Looking over 2014, what have been some of the highlights for the METS sector in Australia?
One of the most important developments was the Abbott Government’s confirmation of a Mining Equipment, Technology and Services (METS) Growth Centre as part of their Industry Innovation and Competitiveness Agenda. Austmine led the bid for the original METS Industry Innovation Precinct in 2013 and we have been working since that time to convince the government that providing a platform for stronger collaboration is crucial for the sustainability of both METS and mining.

With the sector generating more than $90 billion in gross annual revenue and employing nearly 400,000, it is also good to see the importance of METS contribution to the economy finally being recognized in this move.

Another series of highlights have been some of the partnerships and MoUs signed between key players in the METS sector. At Austmine we have signed MoUs with the Minerals Council of Australia, the Industry Capability Network, CRC ORE and are soon to enter into an agreement with Austrade. These kinds of partnerships are critical for ensuring the future and sustainability of the sector, to keep securing innovation into the R&D phase and making sure it’s commercially viable from the get go.

IMARC in Melbourne in September was also a highlight. This brought together more than 2000 industry representatives and had a line-up of great speakers. Austmine’s ‘Meet the Miners’ speed networking function was part of this and enabled suppliers and miners to come together and discuss challenges, issues and trends.

What do you think the mining and METS sectors should take away from the challenges of the last 24 months? What lessons can be learned?
To remain competitive globally, the sectors need to keep up the level of quality we’re so proud of here, and continue to focus on improving productivity and the incorporation of innovation into technology and equipment R&D.
The biggest lesson to be taken away from the 24 months is that the mining industry, and all who service it, cannot rely anymore on the profit of the booms in this cyclical sector to get us through the downturns. We can no longer afford to be ‘fat and lazy’ as we were famously accused of during the last boom - the entire sector must work together to ensure continuous improvement measures are consistently applied to operations and services.

What needs to change in 2015?
Collaboration is the key in 2015. That means collaboration between METS, between METS and miners, between researchers and METS and miners, and between government and the sector as a whole. Working together to help embrace innovation is the critical way that the Australian mining and METS industries will be able to stay ahead of the game and be competitive.

Rio Tinto has consistently proven how valuable collaboration can be - whether it’s their automated drill pattern and execution project with Atlas Copco, or their work with the University of Western Australia, Rio Tinto is a great example of how innovation and collaboration can deliver phenomenal results.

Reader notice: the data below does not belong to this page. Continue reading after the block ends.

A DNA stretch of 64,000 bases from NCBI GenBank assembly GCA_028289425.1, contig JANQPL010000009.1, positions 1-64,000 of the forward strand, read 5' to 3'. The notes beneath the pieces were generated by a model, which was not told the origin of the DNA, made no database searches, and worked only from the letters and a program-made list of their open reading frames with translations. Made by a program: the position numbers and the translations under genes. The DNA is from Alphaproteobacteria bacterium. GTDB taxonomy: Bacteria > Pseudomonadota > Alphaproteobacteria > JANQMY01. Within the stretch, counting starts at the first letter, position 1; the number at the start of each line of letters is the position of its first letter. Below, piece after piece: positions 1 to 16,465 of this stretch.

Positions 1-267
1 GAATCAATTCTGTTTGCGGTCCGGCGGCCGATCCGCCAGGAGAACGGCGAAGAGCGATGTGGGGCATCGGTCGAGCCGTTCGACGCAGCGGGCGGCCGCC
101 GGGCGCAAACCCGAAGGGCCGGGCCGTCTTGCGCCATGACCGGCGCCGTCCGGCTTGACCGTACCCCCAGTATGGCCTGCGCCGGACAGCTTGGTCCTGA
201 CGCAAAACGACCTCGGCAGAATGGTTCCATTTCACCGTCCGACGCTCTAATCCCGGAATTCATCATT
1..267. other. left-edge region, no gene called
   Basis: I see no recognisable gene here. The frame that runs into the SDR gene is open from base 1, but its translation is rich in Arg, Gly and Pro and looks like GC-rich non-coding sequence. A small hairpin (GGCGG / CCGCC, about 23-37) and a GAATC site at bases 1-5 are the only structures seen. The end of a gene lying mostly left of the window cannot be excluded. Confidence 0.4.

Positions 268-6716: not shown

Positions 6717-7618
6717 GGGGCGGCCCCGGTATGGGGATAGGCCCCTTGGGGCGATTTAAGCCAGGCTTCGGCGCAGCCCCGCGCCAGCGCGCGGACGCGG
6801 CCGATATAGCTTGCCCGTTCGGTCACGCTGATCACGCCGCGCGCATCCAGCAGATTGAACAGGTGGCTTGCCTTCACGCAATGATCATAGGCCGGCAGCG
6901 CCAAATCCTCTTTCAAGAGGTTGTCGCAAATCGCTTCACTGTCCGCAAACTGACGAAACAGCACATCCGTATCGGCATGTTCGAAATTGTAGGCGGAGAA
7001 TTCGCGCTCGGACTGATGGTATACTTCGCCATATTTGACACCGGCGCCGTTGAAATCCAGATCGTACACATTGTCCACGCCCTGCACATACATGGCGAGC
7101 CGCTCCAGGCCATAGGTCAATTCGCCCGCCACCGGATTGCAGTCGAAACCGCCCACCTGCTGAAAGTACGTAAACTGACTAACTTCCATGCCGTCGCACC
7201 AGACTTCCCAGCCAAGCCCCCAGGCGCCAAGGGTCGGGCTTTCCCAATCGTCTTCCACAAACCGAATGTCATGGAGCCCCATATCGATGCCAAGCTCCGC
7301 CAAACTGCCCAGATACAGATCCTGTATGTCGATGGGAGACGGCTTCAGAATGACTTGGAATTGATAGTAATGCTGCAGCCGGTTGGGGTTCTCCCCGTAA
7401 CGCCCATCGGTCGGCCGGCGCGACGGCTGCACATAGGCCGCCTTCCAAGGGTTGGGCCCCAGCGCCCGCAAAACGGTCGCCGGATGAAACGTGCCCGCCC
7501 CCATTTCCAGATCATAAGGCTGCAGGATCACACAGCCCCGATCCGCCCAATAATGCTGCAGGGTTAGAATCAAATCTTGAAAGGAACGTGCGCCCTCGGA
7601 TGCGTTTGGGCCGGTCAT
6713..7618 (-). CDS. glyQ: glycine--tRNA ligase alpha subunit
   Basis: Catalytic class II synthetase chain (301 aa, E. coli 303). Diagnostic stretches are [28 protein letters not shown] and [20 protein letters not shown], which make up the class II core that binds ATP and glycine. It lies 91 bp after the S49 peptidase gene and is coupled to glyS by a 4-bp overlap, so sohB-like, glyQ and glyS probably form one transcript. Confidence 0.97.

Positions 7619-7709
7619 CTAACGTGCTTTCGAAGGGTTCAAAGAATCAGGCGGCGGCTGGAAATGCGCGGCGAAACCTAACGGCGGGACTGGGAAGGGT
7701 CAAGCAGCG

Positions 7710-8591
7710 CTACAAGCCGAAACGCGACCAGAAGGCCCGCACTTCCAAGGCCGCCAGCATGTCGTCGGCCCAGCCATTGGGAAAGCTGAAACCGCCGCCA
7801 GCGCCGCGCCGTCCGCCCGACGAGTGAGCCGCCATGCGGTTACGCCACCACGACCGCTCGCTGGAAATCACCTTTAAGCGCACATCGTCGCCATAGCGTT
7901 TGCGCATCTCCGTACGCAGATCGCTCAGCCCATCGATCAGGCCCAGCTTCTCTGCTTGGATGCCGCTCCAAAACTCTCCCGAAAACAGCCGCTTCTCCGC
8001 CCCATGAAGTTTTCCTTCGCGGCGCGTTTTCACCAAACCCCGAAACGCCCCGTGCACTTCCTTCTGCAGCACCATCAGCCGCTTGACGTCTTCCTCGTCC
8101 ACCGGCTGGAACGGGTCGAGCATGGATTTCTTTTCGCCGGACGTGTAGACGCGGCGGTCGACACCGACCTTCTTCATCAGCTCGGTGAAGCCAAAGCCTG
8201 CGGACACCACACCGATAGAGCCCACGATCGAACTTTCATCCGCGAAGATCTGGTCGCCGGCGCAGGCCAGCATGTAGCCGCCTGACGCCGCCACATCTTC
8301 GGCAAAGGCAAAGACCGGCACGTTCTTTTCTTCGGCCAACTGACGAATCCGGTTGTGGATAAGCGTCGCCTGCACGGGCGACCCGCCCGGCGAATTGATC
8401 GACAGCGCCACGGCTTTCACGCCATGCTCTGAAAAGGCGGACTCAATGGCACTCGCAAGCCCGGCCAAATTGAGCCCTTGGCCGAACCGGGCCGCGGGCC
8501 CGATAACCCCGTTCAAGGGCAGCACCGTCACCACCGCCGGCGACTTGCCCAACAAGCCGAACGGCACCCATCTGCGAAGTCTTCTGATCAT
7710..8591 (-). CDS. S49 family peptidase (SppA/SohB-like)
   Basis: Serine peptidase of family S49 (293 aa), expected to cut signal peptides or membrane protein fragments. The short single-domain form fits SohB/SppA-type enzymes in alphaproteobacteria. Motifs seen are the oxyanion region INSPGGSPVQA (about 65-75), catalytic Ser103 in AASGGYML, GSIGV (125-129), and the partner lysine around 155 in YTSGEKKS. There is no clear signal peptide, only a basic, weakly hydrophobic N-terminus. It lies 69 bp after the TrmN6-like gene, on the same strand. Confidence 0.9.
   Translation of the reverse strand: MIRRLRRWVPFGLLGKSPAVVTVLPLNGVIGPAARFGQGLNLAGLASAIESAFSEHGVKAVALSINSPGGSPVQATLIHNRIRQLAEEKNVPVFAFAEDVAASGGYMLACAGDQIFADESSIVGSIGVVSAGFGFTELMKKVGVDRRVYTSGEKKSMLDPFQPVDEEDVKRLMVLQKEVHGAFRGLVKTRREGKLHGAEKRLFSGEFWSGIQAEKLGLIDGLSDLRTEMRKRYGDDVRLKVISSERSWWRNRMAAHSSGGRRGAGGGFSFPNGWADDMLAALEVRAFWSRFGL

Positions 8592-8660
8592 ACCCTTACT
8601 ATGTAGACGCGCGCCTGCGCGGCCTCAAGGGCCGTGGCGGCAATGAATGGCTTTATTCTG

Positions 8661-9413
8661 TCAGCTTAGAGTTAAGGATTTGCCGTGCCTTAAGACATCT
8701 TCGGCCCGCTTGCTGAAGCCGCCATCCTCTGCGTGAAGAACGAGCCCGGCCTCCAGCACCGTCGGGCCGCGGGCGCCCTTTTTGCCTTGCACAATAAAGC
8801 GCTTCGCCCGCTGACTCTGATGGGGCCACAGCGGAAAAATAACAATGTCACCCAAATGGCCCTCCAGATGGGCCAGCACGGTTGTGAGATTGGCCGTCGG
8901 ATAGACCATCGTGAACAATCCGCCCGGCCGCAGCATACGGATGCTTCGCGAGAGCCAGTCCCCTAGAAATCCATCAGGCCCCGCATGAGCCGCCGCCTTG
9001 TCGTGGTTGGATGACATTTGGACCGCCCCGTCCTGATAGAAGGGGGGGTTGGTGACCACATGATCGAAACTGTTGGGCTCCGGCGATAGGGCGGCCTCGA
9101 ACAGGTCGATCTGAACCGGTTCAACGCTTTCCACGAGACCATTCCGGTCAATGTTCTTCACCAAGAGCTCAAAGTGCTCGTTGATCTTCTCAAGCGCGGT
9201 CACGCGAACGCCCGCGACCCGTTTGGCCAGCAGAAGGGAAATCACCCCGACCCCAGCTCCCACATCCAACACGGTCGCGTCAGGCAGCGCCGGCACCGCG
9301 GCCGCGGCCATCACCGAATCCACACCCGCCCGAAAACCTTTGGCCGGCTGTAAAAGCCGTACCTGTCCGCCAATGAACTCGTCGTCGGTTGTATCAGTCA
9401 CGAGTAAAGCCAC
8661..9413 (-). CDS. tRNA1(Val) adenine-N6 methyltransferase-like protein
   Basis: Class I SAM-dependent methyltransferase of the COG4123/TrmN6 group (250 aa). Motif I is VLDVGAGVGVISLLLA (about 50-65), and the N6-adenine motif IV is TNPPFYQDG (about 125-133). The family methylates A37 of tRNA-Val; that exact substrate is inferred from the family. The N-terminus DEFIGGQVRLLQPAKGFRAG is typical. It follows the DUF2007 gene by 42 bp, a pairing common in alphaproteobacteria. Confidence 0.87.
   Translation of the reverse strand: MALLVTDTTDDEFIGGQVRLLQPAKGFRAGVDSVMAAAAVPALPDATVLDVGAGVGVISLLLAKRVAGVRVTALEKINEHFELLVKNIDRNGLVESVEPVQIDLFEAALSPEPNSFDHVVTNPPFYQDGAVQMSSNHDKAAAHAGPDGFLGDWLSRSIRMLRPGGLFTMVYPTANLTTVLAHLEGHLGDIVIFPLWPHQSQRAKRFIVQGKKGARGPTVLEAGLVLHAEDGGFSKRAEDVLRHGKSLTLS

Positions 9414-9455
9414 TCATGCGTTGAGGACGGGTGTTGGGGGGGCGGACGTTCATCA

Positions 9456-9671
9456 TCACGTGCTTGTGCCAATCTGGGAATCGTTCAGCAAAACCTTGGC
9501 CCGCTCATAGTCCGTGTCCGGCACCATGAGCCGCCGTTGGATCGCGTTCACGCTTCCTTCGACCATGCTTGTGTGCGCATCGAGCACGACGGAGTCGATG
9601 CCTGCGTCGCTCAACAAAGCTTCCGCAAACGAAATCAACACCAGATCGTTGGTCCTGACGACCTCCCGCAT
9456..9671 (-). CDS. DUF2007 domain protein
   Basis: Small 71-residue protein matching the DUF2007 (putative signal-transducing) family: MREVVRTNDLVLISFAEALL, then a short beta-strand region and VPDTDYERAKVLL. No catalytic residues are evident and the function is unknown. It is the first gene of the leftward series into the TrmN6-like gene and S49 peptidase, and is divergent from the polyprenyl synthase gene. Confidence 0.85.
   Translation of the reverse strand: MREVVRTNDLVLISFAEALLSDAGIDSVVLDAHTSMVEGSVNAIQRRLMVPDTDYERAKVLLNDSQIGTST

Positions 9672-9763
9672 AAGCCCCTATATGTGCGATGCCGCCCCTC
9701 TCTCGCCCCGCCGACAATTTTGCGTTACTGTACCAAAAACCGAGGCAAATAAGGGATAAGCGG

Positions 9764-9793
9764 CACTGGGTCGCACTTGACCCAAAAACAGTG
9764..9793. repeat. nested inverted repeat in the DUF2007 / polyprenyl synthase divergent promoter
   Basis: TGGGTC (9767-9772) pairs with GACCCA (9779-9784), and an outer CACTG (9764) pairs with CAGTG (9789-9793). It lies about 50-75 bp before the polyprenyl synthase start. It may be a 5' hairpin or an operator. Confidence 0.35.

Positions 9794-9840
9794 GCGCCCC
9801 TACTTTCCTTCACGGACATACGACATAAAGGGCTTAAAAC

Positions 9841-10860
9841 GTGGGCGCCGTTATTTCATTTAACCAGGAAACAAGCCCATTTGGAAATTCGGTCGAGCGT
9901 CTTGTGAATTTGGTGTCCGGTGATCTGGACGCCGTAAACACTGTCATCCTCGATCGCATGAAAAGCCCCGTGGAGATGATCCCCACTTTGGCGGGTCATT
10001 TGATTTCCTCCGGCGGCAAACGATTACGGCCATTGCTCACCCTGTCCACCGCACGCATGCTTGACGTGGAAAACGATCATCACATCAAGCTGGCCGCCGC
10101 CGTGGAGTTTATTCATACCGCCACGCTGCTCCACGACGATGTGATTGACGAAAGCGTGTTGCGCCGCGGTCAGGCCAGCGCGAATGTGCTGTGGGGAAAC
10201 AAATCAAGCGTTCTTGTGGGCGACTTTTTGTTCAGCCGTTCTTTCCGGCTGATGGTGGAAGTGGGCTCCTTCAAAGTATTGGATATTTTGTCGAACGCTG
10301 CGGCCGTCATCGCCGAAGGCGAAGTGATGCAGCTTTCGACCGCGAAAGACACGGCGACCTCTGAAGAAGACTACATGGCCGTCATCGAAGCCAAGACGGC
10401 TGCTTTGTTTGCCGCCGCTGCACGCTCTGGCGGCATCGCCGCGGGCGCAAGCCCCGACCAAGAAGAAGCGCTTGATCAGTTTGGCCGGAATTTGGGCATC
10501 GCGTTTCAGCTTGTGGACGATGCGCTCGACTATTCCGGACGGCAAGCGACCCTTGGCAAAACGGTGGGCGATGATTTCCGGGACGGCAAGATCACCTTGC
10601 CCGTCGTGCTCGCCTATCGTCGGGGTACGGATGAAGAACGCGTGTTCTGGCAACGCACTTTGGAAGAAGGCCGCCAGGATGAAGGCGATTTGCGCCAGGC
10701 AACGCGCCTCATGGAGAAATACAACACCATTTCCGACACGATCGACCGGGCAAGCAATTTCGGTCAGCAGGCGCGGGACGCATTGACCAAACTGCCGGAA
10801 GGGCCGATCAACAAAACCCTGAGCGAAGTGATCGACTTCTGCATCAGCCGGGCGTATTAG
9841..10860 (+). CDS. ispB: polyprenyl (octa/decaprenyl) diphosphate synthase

Consider the Processing Excellence Centre in Brisbane (a collaboration between Rio and JK Tech, Schneider Electric, Metso CISA, UQ and iGate) that has driven millions of dollars of savings for the company through big data analysis that led to procedural enhancements. The entire sector can stand to learn a lot from Rio Tinto’s work.

Times are still tough in the mining sector but opportunities still exist for METS companies. How can organizations find the opportunities?
Even in tougher times, opportunities still exist, whether we’re talking about in Australia or looking overseas. Austmine takes international missions of members each year to the hottest regions with project opportunities. For example our COO Robert Trzebski has just returned from Brazil where he and several member organizations went on a series of mine site tours courtesy of Vale, before meeting with their procurement head in Belo Horizonte for opportunity meetings.

Markets closer to home, such as Indonesia and Vietnam, are offering new opportunities for Australian METS. Currently, 62% of METS export to SE Asia and given our reputation and experience, miners there look to Australia for solutions. The Ozmine program, which we work on in partnership with Austrade, will see an increased focus on activities in SE Asia, including a mission to Vietnam and Cambodia in March and a return to Indonesia in October.

Working with organizations such as ourselves or Austrade can help METS mitigate the risk of entering new markets and developing key relationships.

In Australia, major projects like Adani Mining’s Carmichael or BHP’s Olympic Dam are still exciting prospects. However, these major projects are few and far between, and it’s likely to remain that way for another 18-24 months. Working with existing clients to deliver more value, or services, is a good way of keeping the work rolling in. Making sure you are out there meeting with mid-tier miners is also a good option now, as many of those are still looking to invest in operations to ensure they are profitable despite low resource prices. Keep speaking with industry representatives to stay across opportunities.

What are you most excited about looking to the year ahead for METS organizations and the sector as a whole?
I’m excited to start seeing more collaboration across the sector and some significant project opportunities coming online. There have been some big promises from government too, such as the NSW Premier promising mining assessment times halved if they get voted back into power, so if some of these come to fruition then 2015 could be a much better year for the mining sector, and therefore METS organizations.